It’s a paradox: Peak TV has led to more creative freedom, but lower paychecks, writers say. They are mulling the first strike in a decade.
Published April 13, 2017
LOS ANGELES—The last time Speed Weed found himself jobless, it was 2011, his wife had just given birth to triplets, and he couldn’t find work for almost a year.
But Mr. Weed wasn’t worried. A television writer and producer, he relied on residuals – payments made to creators and performers for subsequent screenings of their work – from two years of writing and producing for the police procedural “Law and Order: Special Victims Unit.”
The show reran on NBC. So the checks kept coming – long enough for him to pick up work again, first for a USA Network miniseries in 2012 and then for the CW’s superhero series “Arrow” in 2015.
“If that happened today, I wouldn’t make it,” says Weed, now the show’s co-executive producer.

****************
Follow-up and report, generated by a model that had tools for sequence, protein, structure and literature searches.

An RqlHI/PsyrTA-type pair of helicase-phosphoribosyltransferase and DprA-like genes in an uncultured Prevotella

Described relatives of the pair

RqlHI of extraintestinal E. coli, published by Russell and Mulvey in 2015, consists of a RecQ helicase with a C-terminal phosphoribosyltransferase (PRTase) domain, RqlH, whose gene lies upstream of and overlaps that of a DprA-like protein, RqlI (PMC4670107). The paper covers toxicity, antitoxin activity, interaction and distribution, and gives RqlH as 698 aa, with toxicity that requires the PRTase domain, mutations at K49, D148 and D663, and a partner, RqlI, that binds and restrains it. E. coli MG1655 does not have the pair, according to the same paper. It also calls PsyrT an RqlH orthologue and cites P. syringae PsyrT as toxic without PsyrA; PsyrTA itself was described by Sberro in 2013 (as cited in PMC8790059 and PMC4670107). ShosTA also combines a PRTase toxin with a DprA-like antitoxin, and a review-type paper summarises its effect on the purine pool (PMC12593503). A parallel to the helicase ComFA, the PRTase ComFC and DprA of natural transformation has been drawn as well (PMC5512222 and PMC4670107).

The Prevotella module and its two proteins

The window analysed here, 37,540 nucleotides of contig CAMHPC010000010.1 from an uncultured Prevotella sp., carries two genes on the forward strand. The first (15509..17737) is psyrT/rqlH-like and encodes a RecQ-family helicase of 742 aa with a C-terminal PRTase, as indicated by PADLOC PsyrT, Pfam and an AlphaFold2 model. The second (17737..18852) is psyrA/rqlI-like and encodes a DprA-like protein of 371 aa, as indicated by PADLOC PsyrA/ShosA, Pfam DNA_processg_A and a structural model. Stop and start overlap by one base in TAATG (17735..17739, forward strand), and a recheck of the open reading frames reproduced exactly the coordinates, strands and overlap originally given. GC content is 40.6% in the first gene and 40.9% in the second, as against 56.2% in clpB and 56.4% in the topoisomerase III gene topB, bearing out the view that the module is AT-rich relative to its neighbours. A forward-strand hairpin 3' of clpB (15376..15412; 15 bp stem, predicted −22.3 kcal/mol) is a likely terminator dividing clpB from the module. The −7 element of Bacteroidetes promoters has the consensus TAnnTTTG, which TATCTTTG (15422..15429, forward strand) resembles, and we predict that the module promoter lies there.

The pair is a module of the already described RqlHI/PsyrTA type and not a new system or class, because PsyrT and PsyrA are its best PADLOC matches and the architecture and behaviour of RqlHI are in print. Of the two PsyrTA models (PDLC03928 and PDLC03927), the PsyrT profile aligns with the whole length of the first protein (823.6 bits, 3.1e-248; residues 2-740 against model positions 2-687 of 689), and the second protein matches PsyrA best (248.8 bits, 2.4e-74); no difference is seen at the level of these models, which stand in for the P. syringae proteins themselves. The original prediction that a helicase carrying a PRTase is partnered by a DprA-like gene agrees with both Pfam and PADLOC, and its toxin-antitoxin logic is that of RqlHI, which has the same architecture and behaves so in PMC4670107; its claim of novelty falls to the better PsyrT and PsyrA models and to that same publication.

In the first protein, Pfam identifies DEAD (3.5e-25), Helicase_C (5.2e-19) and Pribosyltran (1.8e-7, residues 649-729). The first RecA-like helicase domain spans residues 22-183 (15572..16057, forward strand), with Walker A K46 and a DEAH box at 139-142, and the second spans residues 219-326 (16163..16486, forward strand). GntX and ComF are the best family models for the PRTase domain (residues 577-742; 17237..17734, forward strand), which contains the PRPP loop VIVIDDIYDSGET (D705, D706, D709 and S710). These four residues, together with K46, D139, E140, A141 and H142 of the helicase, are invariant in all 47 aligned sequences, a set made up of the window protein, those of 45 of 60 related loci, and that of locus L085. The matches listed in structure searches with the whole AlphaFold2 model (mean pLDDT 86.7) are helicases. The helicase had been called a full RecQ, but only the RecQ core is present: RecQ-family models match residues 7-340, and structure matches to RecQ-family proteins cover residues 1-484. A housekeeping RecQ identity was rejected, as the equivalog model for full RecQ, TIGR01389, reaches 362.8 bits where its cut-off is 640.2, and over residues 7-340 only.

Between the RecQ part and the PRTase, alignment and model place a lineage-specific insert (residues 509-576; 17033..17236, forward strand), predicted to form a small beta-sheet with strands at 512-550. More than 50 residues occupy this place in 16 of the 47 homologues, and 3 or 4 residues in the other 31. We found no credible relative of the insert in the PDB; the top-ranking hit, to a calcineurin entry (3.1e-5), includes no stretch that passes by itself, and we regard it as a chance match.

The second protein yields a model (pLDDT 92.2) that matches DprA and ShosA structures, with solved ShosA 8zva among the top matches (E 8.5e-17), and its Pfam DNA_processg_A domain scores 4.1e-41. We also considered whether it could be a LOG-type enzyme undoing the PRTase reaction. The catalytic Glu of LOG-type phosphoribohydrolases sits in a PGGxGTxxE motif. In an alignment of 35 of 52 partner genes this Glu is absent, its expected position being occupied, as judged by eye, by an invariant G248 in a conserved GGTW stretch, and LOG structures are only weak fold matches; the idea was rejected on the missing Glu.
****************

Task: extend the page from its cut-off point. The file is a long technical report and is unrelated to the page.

That’s because times have changed in television, he says. Over the past five years, a broader range of content platforms has given viewers free reign over what to watch and when to watch it. Studios are producing more and better programming than ever: The number of scripted shows doubled – from about 200 to more than 400 – between 2009 and 2015. Netflix alone is reportedly producing 1,000 hours of original programs in 2017. Pundits call the era “peak TV.”
“It’s a great time to be in television,” says Ken Kristensen, who is currently working on a Marvel show for Netflix. “We just have to make sure that it’s a sustainable environment for writers.”